A widow denied compensation after her alleged paramilitary husband was gunned down in a loyalist feud has won the right to have her claim reassessed.
The High Court quashed a decision refusing payouts to Eileen Carson and her two children, and ordered their case to be reconsidered by a new appeal panel.
Her 33-year-old husband, Robert Carson, was shot dead along with UDA boss John “Grug” Gregg in a taxi near Belfast’s docks area in February 2003.
The killings were linked to a bloody dispute with a rival faction of the terror grouping.
Police at the time said Gregg, 45, was the target of gunmen who opened fire indiscriminately, not caring who else they shot.
Following the murder of her husband, a stained glass artist, Mrs Carson applied for criminal injury compensation.
The Compensation Agency turned down her request, stating that the Secretary of State did not consider an award would be appropriate.
The decision was based on police intelligence indicating that Mr Carson was an active member of an illegal loyalist paramilitary organisation.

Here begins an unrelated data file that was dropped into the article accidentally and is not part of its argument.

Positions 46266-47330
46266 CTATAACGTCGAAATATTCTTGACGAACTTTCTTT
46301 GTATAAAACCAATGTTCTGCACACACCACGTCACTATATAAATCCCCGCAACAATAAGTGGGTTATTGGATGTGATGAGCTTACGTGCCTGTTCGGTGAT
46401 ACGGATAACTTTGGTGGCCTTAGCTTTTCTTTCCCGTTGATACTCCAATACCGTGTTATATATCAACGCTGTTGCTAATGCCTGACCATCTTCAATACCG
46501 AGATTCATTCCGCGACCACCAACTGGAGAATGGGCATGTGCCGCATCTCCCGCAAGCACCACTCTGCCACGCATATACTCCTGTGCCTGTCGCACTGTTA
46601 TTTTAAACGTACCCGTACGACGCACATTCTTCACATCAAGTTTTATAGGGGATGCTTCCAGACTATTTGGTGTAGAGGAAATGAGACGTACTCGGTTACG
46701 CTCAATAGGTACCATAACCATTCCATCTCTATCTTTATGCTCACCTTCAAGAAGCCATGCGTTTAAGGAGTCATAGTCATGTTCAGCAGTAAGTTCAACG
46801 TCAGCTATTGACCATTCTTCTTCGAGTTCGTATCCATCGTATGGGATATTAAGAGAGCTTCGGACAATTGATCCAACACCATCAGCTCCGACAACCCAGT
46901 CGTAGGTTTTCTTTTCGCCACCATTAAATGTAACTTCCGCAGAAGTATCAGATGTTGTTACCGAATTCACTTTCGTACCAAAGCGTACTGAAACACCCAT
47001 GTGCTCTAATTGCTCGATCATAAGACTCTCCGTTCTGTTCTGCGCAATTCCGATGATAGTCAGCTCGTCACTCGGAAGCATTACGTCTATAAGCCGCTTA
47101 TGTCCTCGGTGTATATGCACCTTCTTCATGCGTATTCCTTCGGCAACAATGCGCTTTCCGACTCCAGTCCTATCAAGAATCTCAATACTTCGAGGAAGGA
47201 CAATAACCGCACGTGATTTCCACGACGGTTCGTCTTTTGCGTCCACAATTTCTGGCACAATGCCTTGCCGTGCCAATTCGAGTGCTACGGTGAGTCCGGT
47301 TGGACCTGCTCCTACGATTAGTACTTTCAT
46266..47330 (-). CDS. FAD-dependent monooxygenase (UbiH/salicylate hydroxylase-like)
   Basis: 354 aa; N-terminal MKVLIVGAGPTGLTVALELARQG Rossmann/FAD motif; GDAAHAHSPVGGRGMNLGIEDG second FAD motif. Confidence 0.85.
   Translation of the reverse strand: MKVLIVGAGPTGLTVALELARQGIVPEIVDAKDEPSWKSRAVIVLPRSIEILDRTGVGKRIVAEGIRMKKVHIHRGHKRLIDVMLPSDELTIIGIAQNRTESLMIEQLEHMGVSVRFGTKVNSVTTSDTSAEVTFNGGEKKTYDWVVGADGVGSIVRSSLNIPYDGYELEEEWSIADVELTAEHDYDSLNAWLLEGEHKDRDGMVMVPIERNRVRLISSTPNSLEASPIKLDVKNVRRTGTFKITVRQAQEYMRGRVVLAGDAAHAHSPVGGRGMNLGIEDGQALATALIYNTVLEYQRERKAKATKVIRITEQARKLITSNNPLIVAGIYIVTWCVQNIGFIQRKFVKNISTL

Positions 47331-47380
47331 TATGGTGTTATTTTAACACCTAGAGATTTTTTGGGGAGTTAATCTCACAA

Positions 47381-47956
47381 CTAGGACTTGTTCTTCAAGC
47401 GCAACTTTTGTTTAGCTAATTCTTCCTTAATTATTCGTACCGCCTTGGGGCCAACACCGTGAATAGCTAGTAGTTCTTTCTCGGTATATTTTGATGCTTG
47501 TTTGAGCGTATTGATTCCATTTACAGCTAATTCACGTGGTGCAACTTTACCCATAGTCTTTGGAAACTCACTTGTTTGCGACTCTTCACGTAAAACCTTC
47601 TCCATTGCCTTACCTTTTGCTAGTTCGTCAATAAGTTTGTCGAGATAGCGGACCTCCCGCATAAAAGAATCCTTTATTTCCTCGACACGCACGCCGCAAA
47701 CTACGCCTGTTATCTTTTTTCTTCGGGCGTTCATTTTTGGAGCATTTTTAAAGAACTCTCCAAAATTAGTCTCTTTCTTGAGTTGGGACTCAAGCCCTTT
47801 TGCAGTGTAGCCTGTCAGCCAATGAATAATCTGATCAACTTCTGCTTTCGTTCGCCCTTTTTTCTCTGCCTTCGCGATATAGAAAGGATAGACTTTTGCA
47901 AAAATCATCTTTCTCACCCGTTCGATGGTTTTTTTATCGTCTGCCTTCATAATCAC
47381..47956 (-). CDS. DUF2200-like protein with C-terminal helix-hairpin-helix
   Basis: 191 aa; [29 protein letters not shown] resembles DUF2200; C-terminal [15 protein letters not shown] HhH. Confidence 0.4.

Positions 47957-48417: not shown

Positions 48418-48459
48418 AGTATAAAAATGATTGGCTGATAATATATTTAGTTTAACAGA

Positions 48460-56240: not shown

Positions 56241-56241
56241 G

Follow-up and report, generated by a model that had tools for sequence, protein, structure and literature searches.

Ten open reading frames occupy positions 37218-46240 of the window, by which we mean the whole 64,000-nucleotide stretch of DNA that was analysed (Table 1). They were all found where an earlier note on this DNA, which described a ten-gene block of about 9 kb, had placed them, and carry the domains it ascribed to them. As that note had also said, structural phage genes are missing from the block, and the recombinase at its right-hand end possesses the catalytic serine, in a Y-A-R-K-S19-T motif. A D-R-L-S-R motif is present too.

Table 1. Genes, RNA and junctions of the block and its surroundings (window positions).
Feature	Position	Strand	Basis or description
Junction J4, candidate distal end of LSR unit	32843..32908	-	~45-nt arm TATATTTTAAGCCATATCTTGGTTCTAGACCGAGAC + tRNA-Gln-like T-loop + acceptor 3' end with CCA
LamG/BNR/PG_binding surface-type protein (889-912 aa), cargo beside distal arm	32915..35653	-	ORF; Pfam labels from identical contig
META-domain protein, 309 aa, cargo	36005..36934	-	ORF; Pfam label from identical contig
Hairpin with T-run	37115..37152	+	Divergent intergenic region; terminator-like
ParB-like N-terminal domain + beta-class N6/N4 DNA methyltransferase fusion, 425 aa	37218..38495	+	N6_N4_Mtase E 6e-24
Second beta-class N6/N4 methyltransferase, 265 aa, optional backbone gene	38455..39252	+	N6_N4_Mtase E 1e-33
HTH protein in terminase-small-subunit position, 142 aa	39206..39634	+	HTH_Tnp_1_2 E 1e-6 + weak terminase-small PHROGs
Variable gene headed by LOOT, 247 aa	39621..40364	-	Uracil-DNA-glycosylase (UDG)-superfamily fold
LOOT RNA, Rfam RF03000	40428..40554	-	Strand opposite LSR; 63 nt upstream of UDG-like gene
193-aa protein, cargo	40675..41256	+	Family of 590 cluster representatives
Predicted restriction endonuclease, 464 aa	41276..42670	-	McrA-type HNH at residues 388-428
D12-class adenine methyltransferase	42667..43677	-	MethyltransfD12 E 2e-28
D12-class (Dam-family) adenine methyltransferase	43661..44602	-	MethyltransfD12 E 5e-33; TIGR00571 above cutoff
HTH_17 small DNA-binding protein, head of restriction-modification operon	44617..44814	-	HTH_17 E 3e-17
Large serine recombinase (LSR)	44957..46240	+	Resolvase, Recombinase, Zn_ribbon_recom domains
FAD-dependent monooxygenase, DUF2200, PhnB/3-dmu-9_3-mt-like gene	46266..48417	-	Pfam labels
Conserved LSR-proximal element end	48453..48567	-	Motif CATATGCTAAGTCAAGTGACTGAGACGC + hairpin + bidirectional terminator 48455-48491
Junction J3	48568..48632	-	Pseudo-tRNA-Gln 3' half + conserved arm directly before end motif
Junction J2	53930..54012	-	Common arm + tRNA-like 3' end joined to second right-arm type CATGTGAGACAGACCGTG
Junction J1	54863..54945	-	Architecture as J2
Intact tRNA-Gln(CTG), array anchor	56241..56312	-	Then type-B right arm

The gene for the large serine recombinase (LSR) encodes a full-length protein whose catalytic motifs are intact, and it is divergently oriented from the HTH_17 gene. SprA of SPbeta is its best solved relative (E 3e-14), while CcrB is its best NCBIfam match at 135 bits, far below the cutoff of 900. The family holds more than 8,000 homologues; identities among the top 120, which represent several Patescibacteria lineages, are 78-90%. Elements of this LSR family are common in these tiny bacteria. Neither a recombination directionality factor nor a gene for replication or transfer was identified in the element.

Reference was also made to a mural depicting the victim as an active member of that grouping.
Mrs Carson insisted her husband had no involvement with paramilitaries, and was never convicted or arrested for terrorist-related activity.
His funeral had no paramilitary trappings, while his gravestone doesn’t make reference to any such links.
A second application for compensation lodged in 2013, with the planned focus on scrutinising and challenging the police intelligence, was also rejected.
The Criminal Injuries Compensation Appeal Panel Northern Ireland (CICAPNI) dismissed Mrs Carson’s appeal in October 2014, deciding her claim had been dealt with and disallowed as far back as 2006.
With no appeal lodged at that stage, the panel held the matter was at an end.
According to its assessment the Northern Ireland Criminal Injuries Compensation Scheme 2002 contains no provision for claims to be reopened in such circumstances.
Lawyers for Mrs Carson issued judicial review proceedings in a bid to have the CICAPNI decision quashed.
A High Court judge had to determine whether the 2002 scheme permits, in any circumstances, a second application for compensation for the same criminal injury.
In a ruling made last month but only published now, Mr Justice Colton held that the panel does have discretion to consider a fresh request.
He confirmed: “Accordingly I quash the decision of the CICAPNI, made on October 22, 2014, and I direct that the applicant’s appeal be remitted for reconsideration by a differently constituted panel.”